We can all suffer from acute knee pain at any stage of our lives. If one plays sport this is often as a result of trauma, caused by collision in contact or a twisting movement following an abrupt change in direction.

Cartilage tears (meniscus, floating moon shaped pieces of cartilage that help cushion the knee joint), internal and external ligament strains are often the damaged tissue causing the pain. In middle age, the meniscus is more often than not the problem and can become damaged after excessive periods of time spent with a bent knee (gardening, DIY and activities when one is often bent down, such as dinghy sailing, skiing etc..).

MRI scans will quickly and efficiently reveal the damaged tissue. So what happens post diagnosis?  Historically the go to treatment would be an arthroscopy (keyhole surgery performed with a small camera), the offending tear or loose body removed. This involves multiple visits to a GP, physio and then consultant if going through the NHS and long delays for hospital appointments and the subsequent risk associated with surgery.

Recent research has now discovered that meniscus tears are normal degenerative changes that occur within a knee, particularly in active individuals from approximately the age of 30 onwards. Therefore, unless there is a loose body floating around, causing irritation and as a result inflammation, then the meniscus should be left well alone. Removal and shaving of the meniscus can dramatically increase risk of early arthritis and pain resulting in poor knee function and cessation  of any strenuous or sporting activity.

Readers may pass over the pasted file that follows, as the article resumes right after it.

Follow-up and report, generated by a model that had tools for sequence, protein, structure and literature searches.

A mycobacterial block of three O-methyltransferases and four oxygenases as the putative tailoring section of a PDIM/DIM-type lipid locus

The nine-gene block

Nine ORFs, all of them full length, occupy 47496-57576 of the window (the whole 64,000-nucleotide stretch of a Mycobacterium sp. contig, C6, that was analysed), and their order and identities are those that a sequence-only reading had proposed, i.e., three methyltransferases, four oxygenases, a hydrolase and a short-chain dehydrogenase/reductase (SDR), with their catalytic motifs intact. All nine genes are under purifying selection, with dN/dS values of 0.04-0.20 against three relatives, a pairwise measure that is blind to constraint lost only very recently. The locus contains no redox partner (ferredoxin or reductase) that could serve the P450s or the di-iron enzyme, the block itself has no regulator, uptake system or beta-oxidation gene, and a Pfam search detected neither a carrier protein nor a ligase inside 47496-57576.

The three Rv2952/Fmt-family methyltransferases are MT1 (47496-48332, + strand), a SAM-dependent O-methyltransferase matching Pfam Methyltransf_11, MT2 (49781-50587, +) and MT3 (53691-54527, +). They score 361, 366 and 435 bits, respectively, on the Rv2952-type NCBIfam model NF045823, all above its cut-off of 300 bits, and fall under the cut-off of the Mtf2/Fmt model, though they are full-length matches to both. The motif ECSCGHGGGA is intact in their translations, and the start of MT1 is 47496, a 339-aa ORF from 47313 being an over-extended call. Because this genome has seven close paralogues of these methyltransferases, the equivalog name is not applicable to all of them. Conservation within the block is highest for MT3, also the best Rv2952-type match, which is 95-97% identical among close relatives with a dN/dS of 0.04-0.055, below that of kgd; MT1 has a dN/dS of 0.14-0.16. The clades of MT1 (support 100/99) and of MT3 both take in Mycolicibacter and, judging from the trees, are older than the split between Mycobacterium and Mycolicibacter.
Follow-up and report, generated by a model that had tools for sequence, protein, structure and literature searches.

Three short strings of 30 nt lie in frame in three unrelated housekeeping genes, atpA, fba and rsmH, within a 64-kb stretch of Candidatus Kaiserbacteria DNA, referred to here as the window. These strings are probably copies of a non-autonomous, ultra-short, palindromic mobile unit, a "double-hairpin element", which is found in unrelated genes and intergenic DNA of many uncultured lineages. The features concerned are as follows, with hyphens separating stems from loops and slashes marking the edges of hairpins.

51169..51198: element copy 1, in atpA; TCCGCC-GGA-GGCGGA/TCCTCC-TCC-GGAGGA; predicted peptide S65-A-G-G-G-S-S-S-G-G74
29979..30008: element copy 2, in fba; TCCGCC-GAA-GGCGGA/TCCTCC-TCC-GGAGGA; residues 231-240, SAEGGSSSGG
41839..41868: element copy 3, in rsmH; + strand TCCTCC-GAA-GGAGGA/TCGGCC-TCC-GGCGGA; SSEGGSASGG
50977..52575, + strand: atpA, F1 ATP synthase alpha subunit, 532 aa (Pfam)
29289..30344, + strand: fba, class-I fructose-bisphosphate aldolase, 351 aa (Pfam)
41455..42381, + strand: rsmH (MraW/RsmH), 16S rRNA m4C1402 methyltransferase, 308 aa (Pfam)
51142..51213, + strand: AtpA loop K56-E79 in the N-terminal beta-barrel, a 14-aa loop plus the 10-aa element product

Conservative treatment including, RICE (rest, ice, compression and elevation), a course of anti inflammatory medication (seek advice from a medical professional) manual therapy and appropriate exercise rehabilitation, will have one pain free and back to full function.

Please call or email us at www.lucerneclinic.co.uk  ph 020 71682471 if you have any questions or would like to discuss your knee problem.